Circling Ceres, Imaging Light, and Competing with Oculus Rift | Vol. 2 / No. 19

The dwarf planet Ceres; Photo: NASA/JPL-Caltech/UCLA/MPS/DLR/IDA
The dwarf planet Ceres; Photo: NASA/JPL-Caltech/UCLA/MPS/DLR/IDA

Around Ceres

Since its discovery in 1801, Ceres has been known as a planet, then as an asteroid, and later as a dwarf planet. Now, after a journey of 3.1 billion miles (4.9 billion kilometers) and 7.5 years, Dawn calls it “home.”

That’s the chief engineer of the Dawn project writing on March 6 about the arrival of the spacecraft in orbit around Dawn that day, over at the Dawn Blog. It’s the first probe we’ve ever orbited around the dwarf planet, even though it’s closer than the gas giants, and maybe that’s because we demoted it from planet to asteroid for so long. But now thanks to the same move that demoted Pluto, it’s finally getting some recognition.

Photo: Wikimedia user Orionist, CC BY 3.0
Ceres’s orbit; image: Wikimedia user Orionist, CC BY 3.0

Ceres is the fastest of the five official dwarf planets, making its way around the sun every 4.6 years (for comparison, Eris, the largest, takes 557, Pluto takes 248, Haumea takes 283, and Makemake takes a just under 310 years). This is in large part because the other dwarf planets are at least as far out as Neptune. In fact, Ceres is the only dwarf planet this side of Jupiter, making it unique in the solar system. If you’re not aware, the kerfuffle around the demotion of Pluto was in large part due to the realization that Pluto was one of a huge number of similar bodies out at the edge of the known solar system — it wasn’t even the biggest of those objects (that’d be Eris, at roughly 1.3 times Pluto’s mass). Some scientists estimate that there might be as many as two hundred similar bodies out in the Kuiper Belt, which is what made the reclassification necessary in the first place. At about 950km across, it’s no heavyweight — it’s mass is something between one and two percent of the moon’s. But when it comes to dwarf planets, there’s only one in our neighbourhood, and that’s Ceres.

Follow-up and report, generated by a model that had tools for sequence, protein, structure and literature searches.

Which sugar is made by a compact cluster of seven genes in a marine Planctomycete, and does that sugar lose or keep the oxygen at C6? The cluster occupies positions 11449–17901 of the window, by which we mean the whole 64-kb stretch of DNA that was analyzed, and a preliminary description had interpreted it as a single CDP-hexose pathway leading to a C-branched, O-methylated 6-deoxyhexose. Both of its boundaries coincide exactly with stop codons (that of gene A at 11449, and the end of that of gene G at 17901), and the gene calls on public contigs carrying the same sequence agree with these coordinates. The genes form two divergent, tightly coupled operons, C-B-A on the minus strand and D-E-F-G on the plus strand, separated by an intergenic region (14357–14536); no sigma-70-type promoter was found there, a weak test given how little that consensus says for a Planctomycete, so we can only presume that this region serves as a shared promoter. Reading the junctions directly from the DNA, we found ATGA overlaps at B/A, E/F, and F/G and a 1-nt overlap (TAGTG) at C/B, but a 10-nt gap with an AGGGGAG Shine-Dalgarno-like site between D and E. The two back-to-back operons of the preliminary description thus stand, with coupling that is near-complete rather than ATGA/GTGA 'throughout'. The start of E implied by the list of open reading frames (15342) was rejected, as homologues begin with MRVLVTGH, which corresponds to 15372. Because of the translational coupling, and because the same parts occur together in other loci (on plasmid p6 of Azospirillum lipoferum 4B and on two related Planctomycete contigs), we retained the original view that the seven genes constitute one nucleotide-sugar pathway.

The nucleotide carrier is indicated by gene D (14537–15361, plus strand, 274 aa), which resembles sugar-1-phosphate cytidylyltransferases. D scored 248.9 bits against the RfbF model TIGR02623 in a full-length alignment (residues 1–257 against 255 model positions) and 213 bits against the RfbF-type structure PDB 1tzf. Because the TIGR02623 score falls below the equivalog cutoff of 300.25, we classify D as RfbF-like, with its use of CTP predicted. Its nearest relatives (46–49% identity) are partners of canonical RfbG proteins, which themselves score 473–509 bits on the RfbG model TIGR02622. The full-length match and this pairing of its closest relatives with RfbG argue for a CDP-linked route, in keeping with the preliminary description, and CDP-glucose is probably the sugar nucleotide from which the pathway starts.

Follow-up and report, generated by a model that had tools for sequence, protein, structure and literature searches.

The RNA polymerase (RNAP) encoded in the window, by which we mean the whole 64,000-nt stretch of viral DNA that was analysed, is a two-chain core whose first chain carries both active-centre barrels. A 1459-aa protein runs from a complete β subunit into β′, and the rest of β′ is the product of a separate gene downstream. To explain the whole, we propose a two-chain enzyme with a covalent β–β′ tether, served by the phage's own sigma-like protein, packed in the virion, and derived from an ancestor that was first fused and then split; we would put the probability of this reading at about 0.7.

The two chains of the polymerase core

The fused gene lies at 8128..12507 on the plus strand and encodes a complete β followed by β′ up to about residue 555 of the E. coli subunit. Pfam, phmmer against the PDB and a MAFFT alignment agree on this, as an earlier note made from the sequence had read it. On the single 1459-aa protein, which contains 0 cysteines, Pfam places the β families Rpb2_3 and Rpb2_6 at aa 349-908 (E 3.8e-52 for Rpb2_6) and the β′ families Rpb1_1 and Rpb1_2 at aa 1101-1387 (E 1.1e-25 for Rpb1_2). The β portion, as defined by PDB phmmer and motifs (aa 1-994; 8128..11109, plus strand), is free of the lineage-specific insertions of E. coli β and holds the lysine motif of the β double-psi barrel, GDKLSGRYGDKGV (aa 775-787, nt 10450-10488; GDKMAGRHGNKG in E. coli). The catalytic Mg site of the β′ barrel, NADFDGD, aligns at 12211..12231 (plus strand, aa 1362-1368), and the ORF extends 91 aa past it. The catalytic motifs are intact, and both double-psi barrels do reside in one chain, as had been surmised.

Now, perhaps its a little premature to be calling it “in orbit” of Ceres. Dawn came via the second-largest object in the asteroid belt, Vesta, so its course is a little strange. Me, I’ll call it “in orbit” when it’s completed its first full orbit, which as you can see by the following youtube video, will be in around two months’ time. But in the meantime it’ll be taking pictures and sending back data, so we’re all pretty happy about that. Check out the video below, and also check out the Dawn Blog and the NASA mission status page for more updates as time goes by.

Wave--Particle Duality; photo: École Polytechnique Fédérale du Lausanne
Wave–Particle Duality; photo: École Polytechnique Fédérale du Lausanne


For the first time, researchers have taken a picture of light acting like both a particle and a wave. By trapping a “standing wave” of light on an extremely tiny wire, and then bouncing a stream of electrons against it, they were able to take a picture of where the electrons and the light wave interacted on the wire. But of course, the interactions couldn’t happen if the light wasn’t also acting like particles (photons), so what we have is a picture of the interactions between wave-particle light and the electrons they were throwing at it. And this is what we get. There’s a great little video here to help you understand the experiment, but if you need help understanding the photo you might need someone a little higher up the pay scale. They can read the article at the journal Nature Communications and relate it back to you.